How efficient is your house? Map project plans to publish ratings for all Calgary, Edmonton homes
$400K pilot project aims to combat climate change by arming consumers with data
Albertans living in Calgary and Edmonton will soon be able to see how efficient their neighbours' homes are.
An Alberta environmental charity and a software company plan to rate the energy efficiency of every single-family home in both cities and publish the ratings online this fall.
The aim of the pilot is to combat climate change by encouraging Albertans to make energy upgrades to their homes.
"Studies have shown that the first three-to-five years after purchase is the most likely time to do upgrades and renovations, so by partnering with realtors in Calgary and Edmonton, we're hoping to put this information into the hands of realtors and their clients," said Jessica Lajoie, a program specialist for the Alberta Ecotrust Foundation.
The pilot project, which has a budget of about $400,000, would build on the City of Edmonton's home energy map, which shows the energy efficiency of a fraction of the city's homes.
That map shows only homes with EnerGuide labels — official ratings given to energy-audited homes — but the pilot would assess residential energy efficiency on a much wider scale.
"We're going to set a score for every single house in Edmonton and Calgary right off the bat," said James Riley, the CEO and founder of Lightspark, a Vancouver software company making a six-figure in-kind contribution to the project.
The company will use artificial intelligence and machine learning to generate the ratings.
Its ratings will not be as accurate as those resulting from home audits but, Riley said, his company has spent two and a half years making sense of vast amounts of municipal and federal data and studying patterns in homes that have already been inspected.
"We've found that it's actually fairly accurate because most of the post-war houses were built in a very particular way," he said.
In 2015, the company performed a similar but less-sophisticated energy analysis of thousands of homes in Nova Scotia, learning people wanted a convenient tool that simplified what can be a complicated landscape of energy metrics and government grants.
Lightspark plans to launch a beta version of the pilot this summer and roll out the official maps in the fall.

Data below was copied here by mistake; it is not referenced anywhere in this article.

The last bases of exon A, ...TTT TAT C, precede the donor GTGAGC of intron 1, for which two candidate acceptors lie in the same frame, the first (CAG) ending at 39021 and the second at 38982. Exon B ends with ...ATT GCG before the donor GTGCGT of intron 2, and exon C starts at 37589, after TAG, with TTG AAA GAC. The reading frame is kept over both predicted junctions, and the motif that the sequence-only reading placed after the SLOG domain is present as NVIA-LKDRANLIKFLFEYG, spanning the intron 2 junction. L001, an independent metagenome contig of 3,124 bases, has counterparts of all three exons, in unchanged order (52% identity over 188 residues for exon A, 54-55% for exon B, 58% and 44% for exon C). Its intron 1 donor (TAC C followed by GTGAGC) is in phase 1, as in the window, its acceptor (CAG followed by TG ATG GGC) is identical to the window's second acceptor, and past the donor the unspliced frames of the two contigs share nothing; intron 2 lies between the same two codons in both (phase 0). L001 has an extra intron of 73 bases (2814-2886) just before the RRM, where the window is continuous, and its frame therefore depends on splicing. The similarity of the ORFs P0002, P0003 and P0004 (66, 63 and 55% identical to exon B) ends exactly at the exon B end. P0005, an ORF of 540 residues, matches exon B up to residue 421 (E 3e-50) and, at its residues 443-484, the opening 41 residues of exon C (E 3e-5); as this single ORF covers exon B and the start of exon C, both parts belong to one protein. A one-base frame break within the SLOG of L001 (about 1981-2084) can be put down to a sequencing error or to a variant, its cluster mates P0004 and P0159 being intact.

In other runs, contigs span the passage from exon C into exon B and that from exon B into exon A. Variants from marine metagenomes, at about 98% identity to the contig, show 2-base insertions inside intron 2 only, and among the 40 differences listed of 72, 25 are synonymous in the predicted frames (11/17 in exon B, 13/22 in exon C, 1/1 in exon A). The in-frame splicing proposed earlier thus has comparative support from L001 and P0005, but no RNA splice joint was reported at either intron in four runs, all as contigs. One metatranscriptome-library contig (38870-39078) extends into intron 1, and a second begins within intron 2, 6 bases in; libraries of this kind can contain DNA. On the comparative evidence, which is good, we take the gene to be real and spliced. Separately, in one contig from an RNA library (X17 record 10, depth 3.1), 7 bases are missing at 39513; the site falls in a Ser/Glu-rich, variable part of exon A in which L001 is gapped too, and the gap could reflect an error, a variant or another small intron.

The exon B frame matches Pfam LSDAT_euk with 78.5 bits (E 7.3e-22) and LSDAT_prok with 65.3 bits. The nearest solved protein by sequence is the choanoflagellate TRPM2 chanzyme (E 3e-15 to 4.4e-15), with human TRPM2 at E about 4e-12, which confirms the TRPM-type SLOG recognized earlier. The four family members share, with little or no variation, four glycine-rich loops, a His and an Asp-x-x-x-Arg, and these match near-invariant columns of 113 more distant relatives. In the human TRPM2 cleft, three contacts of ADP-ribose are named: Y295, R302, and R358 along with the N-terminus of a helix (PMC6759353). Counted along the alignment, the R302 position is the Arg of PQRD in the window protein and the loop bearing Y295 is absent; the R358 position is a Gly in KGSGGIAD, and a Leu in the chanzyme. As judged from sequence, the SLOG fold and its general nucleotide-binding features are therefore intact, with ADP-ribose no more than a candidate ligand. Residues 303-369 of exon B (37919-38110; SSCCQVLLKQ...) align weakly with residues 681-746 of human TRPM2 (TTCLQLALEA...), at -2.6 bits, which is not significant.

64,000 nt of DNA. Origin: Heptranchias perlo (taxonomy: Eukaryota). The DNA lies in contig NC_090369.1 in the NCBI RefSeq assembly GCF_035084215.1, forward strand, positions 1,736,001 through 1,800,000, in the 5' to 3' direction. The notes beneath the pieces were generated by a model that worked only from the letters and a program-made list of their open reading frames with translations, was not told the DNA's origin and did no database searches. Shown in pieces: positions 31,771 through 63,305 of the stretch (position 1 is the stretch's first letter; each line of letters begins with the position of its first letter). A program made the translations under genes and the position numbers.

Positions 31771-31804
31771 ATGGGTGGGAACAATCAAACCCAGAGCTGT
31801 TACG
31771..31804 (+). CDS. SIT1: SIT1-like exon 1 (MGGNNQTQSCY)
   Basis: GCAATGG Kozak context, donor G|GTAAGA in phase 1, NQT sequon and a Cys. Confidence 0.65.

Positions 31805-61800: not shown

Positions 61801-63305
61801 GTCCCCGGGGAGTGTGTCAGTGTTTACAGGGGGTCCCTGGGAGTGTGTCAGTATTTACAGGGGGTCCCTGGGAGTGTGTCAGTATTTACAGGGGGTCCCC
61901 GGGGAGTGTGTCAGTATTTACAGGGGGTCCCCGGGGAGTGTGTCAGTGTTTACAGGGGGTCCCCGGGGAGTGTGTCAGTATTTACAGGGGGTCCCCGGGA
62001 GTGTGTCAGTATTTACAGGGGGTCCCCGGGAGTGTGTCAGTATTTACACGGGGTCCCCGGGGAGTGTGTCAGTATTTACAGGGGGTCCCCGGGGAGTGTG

A consumer-centric portal that includes information on grant opportunities and allows people to submit upgrades to improve their score will also be included and homeowners who don't like the idea of their rating being online will be able to opt out.
Successful rollouts in Alberta's biggest cities could pave the way for similar maps across the country.
"Ultimately, we see the business model as cities and utilities licensing these platforms because it will help get more consumers reducing carbon faster and reducing energy faster," Riley said.
Real estate industry leaders in Ontario lobbied against a home energy label policy in 2018 but Alberta realtors are on board with the idea.
Presidents of real estate industry associations in Calgary and Edmonton praised the idea in a news release this week and Lajoie said the Alberta Ecotrust Foundation is working with the MLS platform's provider to get scores published in home listings.
Prospective home buyers often ask for utility bills to get a sense of a property's energy efficiency, but the bills can yield more information about previous homeowner's behaviour than the efficiency of the home itself, said Patti Morris, executive director of the Alberta Real Estate Foundation.
The real estate foundation is putting up more than half of the funds for the pilot.
"We think that it's going to really help to promote education of the public and the real estate industry around the value of energy home labelling," Morris said.
The project's federal government funding comes through the Federation of Canadian Municipalities.